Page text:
It’s early. The coffee has barely had time to wake…
For the 2017 Golf Alltrack, part of Volkswagen’s forward vision is to tackle a somewhat untouched segment – the practical wagon. In the height of crossover craze, VW has turned its focus to an area where it has long been successful, yet many carmakers have all but ignored (largely because a certain Japanese brand vehicle has remained undefeated in this category).
We traveled to the Pacific Northwest to experience the newest predator to Subaru’s Outback. Bainbridge Island off the coast of Seattle is where we would explore the capabilities of the outdoorsy VW wagon.
It’s no surprise why Volkswagen chose to launch this new product in the Seattle area either. The PacNW is known for being supersaturated with Subarus. Outbacks abound from northern California, through Oregon, and into Washington state.
Why the Golf Alltrack may have you reconsidering that Subaru
The Subaru Outback is a terrific vehicle, hence why it sells in droves across the country’s far corners where the weather is the most severe. But it does have shortfalls. For example, the fit and finish on the inside is lacking in refinement, as is the technology.
Entry-level brands like Hyundai and Kia that offer panoramic sunroofs, heated and ventilated seats, seamless Apple and Android connectivity, and driver safety technologies, are putting pressure on more established carmakers to provide these once-luxury features at an affordable price.
The Alltrack is kind of a big deal for the VW brand. Powered by the 1.8 TSI engine with 170 hp and 190 lb-ft of torque, this wagon comes standard mated to a DSG six-speed automatic transmission. However, wait just a few more months and you automotive purists can get a wagon with a manual transmission (unfortunately, VW isn’t offering this car in brown – on the outside anyway).
Sitting just 0.6-inch higher, the Alltrack is just a “ruggedized” Golf Sportwagen, as VW product manager Megan Garbis puts it. The company essentially added some body cladding and a little extra ground clearance to give us a car that’s not afraid to tackle outdoor activities alongside its adventurous owners.
Now that the vehicle has arrived at dealerships, Volkswagen hopes to exploit the Outback’s few weaknesses and conquer future cross-shoppers through the Golf Alltrack’s standard features, driving dynamics, and cargo capabilities.
Features packed on the Alltrack
- Heated seats and side view mirrors are standard
- Easy to clean Vtex leatherette, especially the new Marrakesh brown interior
- 8 speakers with available Fender premium audio with 9 speakers
- 60/40 split rear seat with center passthrough standard
- Standard roof rails compatible with any of VW’s cross rails
- NHTSA 5-Star rating and IIHS Top Safety Pick
- Automatic post collision braking to help prevent secondary collisions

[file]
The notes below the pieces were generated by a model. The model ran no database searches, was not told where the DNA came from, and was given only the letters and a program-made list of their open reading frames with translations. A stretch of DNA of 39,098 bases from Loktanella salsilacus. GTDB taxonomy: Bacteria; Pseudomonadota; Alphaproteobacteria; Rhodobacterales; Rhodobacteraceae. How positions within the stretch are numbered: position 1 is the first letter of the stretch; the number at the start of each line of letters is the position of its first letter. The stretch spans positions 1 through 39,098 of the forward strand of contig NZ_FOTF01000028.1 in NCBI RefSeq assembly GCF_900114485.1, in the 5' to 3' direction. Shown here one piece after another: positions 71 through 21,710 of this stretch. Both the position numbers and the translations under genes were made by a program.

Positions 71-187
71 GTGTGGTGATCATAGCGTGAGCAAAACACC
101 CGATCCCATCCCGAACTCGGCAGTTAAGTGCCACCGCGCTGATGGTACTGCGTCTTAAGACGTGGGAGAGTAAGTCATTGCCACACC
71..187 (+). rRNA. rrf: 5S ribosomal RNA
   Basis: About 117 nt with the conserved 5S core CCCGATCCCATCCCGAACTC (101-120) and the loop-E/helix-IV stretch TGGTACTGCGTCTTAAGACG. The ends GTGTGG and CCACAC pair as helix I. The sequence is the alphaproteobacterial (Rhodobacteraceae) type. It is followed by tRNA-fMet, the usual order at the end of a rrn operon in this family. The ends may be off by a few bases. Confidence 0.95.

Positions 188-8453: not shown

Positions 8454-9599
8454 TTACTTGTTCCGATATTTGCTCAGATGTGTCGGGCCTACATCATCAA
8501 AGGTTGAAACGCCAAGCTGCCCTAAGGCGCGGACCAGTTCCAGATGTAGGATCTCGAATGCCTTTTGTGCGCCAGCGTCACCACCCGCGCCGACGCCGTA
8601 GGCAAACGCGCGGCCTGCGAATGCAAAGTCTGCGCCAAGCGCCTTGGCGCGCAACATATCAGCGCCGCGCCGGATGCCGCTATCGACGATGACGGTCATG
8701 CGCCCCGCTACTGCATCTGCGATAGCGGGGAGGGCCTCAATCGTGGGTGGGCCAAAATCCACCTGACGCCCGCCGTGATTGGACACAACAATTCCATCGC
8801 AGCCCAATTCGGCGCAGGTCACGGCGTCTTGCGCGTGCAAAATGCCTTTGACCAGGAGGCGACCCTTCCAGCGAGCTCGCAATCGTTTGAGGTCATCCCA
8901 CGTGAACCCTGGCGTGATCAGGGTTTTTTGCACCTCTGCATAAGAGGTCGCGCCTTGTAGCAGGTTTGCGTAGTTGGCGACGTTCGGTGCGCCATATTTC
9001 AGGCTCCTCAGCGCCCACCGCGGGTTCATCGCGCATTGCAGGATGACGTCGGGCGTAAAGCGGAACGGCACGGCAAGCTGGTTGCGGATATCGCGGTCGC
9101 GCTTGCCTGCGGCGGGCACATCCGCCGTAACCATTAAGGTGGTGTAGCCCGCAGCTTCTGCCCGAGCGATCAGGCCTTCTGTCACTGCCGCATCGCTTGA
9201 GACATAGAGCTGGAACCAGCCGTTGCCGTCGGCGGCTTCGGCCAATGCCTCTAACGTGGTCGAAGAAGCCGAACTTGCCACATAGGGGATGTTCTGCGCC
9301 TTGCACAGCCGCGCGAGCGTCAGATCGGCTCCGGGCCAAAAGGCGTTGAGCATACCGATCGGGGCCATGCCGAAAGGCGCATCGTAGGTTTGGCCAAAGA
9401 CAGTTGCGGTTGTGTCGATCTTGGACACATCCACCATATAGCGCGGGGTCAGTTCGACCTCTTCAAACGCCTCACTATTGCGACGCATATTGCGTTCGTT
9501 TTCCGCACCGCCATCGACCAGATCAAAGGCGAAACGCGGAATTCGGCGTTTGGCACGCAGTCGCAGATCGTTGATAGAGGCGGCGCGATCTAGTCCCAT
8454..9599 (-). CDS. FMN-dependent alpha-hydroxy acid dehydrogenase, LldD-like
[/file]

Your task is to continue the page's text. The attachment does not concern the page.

- CarNet Security and Service system with automatic crash notification
- Rear view backup camera
- Full suite of driver assistance features available
- Light Assist (high beam control)
- EPA estimated 30 mpg highway
- It will be coming in a manual transmission
Three well-equipped Alltracks to choose from
Volkswagen is introducing the Alltrack with three trims. The entry level is the S trim, which is well-equipped at $29,650 with DSG, 17-inch wheels, heated front seats, CarNet App Connect, 6.5 in. touchscreen, daytime running lights, and fog lights.
The SE trim takes existing equipment from S trim and adds a plethora of features such as automatic headlights, auto rain sensing wipers, panoramic tilt and slide sunroof, keyless access with push button start / stop, 115V outlet in rear, three 12V outlets, available driver assistance for S and SE packages with Forward Collision Warning with Autonomous Emergency Braking, adaptive cruise control, Park pilot and Park Assist. Snag the SE for $30,530 with DSG automatic transmission now or wait for the manual transmission in Q1 2017.
The top-of-the-line Golf Alltrack, the SEL trim, comes with a custom 18-inch canyon alloy wheel design, navigation, unique offroad screen for stats, dual zone climate control, 12-way power driver seat, and LED DRL’s for just $32,890. The only package available this model is driver assistance and lighting, which adds an auto-dimming rear view mirror, U design DRL, forward collision warning, auto emergency braking, park pilot and park assist.
VW’s new Alltrack ticks all the boxes for a practical, versatile wagon. It’s fun to drive, safe, and comfortable.
At a base price of $26,950, the 2017 VW Golf Alltrack is competitively priced with the Subaru Outback. Where this V-dub has the upper hand, however, is it comes stock with more power, more choices for transmissions, and better integration with passengers’ tech devices. Smartly, all of the most desired features – such as heated seats and mirrors, 60/40 split rear seats with a pass-through, and VW’s V-Tex leatherette — are included across all trims: S, SE, and SEL. On the lower models, you can opt in for a panoramic sliding sunroof and Volkswagen’s suite of driver assist technologies.
The VW Alltrack will likely be popular among customers shopping for an Outback but who want something a little fresher and easier to integrate with their personal technology. We think it’s at least a cross-shop given how well Volkswagen has targeted the few weaknesses of its competitor. And if both VW and us are lucky, we may even see a resurgence of the beloved wagon.
Next Post: Durham Drive: 2017 Audi S3 sedan